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To the friends (Straight, gay, queer, etc) who have joined me: I am forever grateful for your love and support. This campaign has allowed so many to stand next to people they love in support and show just how united we can be no matter what else is going on in the world.

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I look forward to another amazing ten years and more!!!

Please feel free to share your own NOH8 stories here!

 

Jordyn Pollack is a man who is all about the love with no time for hate

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I enjoyed my interview with Ryan Santanna so much (I hope you all did as well and that you learned a little something from it) that I decided to reach out to a friend of mine I have known through Instagram. Jordyn Pollack has shared his journey as a Trans man on the social media platform and on YouTube, much like Ryan has. Their stories are similar but I feel (and I’m sure you agree) that we need to hear all the stories because each of us, no matter how similar we are, are so unique. There is always more to learn from each other, more to experience through each other’s eyes, and more bridges to build.

I really love how brave Jordyn has been by sharing his top surgery photos, progress, his experience with testosterone, and most importantly his feelings throughout. I know he is helping so many others, he is inspiring me, and he is allowing people in similar circumstances to know they will be OK!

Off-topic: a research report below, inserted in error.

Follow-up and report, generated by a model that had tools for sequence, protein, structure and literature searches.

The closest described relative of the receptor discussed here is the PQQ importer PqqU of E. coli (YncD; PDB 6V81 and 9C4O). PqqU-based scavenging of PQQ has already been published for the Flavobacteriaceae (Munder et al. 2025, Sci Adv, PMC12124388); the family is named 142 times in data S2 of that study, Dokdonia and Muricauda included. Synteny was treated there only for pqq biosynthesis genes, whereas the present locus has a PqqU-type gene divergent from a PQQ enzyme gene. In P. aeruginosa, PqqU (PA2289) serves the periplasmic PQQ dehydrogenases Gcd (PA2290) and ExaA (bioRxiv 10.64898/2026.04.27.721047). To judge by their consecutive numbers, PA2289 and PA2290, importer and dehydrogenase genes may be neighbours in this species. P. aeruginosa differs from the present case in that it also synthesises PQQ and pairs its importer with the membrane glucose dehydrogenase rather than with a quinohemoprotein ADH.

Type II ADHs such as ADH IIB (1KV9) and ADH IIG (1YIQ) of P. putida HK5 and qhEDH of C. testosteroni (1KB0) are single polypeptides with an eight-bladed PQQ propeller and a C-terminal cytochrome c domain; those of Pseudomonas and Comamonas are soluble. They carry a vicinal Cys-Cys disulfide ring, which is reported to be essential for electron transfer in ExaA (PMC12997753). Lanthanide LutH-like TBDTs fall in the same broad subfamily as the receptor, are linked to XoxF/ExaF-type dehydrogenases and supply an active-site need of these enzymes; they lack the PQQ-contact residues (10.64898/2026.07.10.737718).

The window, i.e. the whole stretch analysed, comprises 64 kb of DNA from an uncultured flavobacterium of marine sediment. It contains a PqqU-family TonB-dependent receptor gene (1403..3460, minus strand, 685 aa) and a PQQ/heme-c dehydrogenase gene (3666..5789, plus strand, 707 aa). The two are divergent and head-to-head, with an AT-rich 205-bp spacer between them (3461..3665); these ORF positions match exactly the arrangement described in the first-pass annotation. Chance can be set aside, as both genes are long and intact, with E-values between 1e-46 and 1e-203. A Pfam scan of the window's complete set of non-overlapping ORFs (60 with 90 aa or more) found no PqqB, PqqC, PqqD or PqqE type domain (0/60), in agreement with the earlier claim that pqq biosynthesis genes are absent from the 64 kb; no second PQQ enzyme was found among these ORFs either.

The power of social media has always been in the sharing, in being a voice for individuals who don’t feel they have one, and in showing them there are others who are experiencing the same things we are even if we feel alone.

Jordyn is someone you need to follow, someone you need to know, and I believe someone who is making the world a better place. Let me introduce you to Jordyn Pollack:

Q: When did you first realize you didn’t identify with the gender you were when you were born?

Jordyn Pollack: This is a difficult question because I truly believe since I was a young child I knew deep down I wasn’t comfortable with being categorized as a “female”. I truly have realized now that all of my actions back then relate 100% to me taking the step and transitioning. When I was a child I would dress all my “female” dolls as “males”, I would cut their hair, dress them in more masculine clothes. I also remember lying in my bed some nights and just wishing I could be a “boy” for one day, which is crazy to think now that my wish came true about 17 years later. Growing up I always played sports and tried to hang out with all the “boys”, even going into middle school I was very into skateboarding. I dressed in “boy” clothes, when I wasn’t at school, at the skatepark, or even hanging out with some of my friends. One year for Halloween, I believe I was 12, I dressed as a “boy” and went into the guys restroom at Disney Halloween, that is one of my favorite childhood memories, not going into the restroom of course, but having that feeling of passing as a “male”.